WASHINGTON - The State Department inspector general fired by President Donald Trump was looking into allegations that a staffer for Secretary of State Mike Pompeo was performing domestic errands and chores such as handling dry cleaning, walking the family dog and making restaurant reservations, said a congressional official familiar with the matter.

Steve Linick, the quasi-independent watchdog whose job it is to expose waste and malfeasance within the agency, investigated a number of issues at the State Department that agitated senior Trump administration officials, but it remains unclear what specifically triggered his ouster Friday night, May 15.

The congressional official, speaking on the condition of anonymity because the matter remains highly sensitive, said the State Department staffer was a political appointee and that at least one congressional committee learned of the allegations around the time of Linick's firing.

Congressional Democrats are investigating whether Linick's firing was an effort to shut down the investigation, the official said.

NBC News first reported Sunday night that Linick was investigating allegations that Pompeo used staffers for personal chores and errands.

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The State Department did not immediately respond to a request for comment.

The White House said Trump's late-night ouster of Linick came at the recommendation of Pompeo, a decision that has prompted criticisms from Democrats and some Republicans as a threat to oversight.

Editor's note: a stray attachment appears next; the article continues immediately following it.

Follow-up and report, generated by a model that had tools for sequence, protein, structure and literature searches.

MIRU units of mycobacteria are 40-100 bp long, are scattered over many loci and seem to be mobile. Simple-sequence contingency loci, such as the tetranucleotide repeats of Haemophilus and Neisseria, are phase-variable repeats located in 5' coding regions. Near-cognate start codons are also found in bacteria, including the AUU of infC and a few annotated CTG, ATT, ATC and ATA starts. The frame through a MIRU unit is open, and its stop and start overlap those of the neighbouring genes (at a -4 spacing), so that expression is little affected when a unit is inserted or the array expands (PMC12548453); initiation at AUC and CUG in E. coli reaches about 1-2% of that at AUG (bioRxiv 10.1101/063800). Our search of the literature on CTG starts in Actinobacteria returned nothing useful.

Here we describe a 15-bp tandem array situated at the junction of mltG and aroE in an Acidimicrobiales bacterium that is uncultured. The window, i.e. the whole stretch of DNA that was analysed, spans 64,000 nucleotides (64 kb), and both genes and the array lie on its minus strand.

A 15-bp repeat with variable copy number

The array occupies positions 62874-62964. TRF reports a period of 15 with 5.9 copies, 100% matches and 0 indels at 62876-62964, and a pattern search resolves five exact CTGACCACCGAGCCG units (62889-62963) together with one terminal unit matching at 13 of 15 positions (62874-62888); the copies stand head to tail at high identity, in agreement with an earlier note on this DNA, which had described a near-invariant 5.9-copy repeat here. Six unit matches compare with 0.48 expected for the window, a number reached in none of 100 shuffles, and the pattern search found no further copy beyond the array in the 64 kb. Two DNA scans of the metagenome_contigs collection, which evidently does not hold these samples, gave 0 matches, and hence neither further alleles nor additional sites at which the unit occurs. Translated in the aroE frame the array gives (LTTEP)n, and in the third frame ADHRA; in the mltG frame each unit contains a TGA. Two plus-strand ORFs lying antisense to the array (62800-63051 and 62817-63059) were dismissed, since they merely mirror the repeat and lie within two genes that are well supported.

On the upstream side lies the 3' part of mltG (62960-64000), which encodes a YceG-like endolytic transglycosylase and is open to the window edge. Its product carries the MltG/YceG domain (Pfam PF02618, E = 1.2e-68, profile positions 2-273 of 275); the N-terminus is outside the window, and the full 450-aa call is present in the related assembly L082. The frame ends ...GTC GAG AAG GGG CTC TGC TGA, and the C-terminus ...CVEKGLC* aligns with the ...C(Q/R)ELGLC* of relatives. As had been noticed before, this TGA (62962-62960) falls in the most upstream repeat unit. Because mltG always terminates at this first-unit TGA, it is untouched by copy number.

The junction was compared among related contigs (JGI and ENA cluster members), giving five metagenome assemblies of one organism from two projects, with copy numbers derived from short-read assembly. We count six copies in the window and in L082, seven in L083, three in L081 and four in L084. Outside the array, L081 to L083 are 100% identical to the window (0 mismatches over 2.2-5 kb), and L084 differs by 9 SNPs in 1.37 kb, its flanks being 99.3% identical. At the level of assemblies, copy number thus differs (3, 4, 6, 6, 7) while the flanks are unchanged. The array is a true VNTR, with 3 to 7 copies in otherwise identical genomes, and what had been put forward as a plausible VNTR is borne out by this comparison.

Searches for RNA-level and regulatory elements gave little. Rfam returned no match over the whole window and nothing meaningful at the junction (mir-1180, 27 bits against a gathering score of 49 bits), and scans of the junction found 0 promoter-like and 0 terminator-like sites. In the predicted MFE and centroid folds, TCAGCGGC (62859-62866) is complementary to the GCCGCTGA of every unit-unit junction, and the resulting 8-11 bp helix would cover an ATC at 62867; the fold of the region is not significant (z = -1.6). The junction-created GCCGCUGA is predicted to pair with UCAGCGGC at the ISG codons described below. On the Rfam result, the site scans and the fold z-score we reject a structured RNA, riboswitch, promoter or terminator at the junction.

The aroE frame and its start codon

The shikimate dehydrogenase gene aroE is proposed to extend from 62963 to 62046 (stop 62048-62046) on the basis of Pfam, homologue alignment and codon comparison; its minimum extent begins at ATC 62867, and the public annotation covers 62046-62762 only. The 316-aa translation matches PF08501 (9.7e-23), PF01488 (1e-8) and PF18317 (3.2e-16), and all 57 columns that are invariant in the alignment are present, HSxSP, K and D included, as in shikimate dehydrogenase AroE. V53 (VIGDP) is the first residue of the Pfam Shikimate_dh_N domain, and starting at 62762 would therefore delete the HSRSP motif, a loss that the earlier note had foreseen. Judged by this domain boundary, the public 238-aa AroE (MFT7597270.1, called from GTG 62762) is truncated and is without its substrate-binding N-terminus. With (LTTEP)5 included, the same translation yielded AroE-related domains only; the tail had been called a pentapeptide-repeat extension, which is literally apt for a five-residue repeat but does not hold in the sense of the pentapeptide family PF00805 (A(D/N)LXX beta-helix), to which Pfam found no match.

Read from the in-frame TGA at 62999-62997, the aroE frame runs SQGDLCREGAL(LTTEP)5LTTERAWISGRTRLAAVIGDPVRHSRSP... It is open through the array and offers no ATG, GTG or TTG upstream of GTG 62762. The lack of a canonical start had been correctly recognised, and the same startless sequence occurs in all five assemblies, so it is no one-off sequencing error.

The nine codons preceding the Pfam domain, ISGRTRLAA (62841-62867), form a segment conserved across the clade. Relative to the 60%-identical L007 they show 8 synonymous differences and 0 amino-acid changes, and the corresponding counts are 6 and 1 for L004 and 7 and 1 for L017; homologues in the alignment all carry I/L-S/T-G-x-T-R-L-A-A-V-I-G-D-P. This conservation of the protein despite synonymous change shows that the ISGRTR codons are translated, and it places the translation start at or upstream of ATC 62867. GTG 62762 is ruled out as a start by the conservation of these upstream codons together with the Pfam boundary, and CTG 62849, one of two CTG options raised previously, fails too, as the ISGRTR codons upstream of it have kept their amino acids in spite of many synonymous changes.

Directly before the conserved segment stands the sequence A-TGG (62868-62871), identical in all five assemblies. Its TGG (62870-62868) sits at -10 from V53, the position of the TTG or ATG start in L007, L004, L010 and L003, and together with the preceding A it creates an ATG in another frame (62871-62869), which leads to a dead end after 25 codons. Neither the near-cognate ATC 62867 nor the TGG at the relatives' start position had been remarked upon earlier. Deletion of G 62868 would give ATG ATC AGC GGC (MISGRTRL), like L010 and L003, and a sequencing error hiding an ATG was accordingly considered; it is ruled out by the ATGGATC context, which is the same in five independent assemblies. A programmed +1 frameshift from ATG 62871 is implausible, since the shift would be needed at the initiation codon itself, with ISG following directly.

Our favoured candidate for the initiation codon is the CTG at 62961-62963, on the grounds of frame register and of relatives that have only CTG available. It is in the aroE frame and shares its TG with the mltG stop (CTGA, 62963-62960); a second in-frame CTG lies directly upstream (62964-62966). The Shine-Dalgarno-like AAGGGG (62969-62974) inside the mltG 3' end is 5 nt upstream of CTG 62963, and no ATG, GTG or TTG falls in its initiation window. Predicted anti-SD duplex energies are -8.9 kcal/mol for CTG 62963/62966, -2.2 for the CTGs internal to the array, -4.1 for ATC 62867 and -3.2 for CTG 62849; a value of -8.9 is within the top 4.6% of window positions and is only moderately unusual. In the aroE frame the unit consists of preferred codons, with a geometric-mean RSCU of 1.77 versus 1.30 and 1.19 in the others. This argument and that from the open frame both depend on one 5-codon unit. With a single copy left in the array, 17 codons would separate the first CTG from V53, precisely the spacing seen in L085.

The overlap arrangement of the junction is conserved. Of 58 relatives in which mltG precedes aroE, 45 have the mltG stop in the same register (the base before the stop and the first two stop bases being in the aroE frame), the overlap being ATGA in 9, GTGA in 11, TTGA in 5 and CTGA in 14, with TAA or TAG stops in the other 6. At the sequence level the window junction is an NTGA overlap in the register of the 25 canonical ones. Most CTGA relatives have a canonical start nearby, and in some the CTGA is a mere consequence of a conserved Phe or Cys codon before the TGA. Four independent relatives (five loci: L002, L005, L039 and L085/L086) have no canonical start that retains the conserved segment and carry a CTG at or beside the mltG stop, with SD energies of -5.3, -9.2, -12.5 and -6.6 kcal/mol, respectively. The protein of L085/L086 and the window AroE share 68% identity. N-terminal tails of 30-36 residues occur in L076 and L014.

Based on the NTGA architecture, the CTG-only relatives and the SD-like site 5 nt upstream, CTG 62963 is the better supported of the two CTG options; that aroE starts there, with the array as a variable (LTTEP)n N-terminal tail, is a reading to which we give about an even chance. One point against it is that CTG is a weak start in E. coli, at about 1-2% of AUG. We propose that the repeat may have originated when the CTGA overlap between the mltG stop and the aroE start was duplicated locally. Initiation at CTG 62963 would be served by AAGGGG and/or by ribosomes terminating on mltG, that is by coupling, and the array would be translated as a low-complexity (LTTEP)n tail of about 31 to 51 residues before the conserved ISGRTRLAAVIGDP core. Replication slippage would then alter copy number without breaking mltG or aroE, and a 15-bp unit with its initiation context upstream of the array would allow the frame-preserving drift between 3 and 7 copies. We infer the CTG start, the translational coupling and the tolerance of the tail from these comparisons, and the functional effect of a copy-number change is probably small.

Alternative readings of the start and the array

Inspectors general serve as internal government watchdogs conducting oversight of federal agencies. They are political appointees, but their independence is supposed to be protected. Linick's firing amounted to the fourth such ouster in recent weeks.

Trump replaced Linick with Stephen Akard, a trusted ally of Vice President Mike Pence and the official in charge of the Office of Foreign Missions.

Trump wrote in a letter to House Speaker Nancy Pelosi, D-Calif., on Friday that, "It is vital that I have the fullest confidence in the appointees serving as Inspectors General. That is no longer the case with regard to this Inspector General."

On Saturday, House Foreign Affairs Committee Chairman Eliot Engel, D-N.Y., and the Senate Foreign Relations Committee's ranking Democrat, Robert Menendez of New Jersey, launched a joint investigation into Linick's firing.

"We unalterably oppose the politically-motivated firing of inspectors general and the President's gutting of these critical positions," Engel and Menendez wrote in a letter to the White House demanding that all records related to Linick's firing be preserved and handed over to their committees.

This article was written by Mike DeBonis and John Hudson, reporter sfor The Washington Post.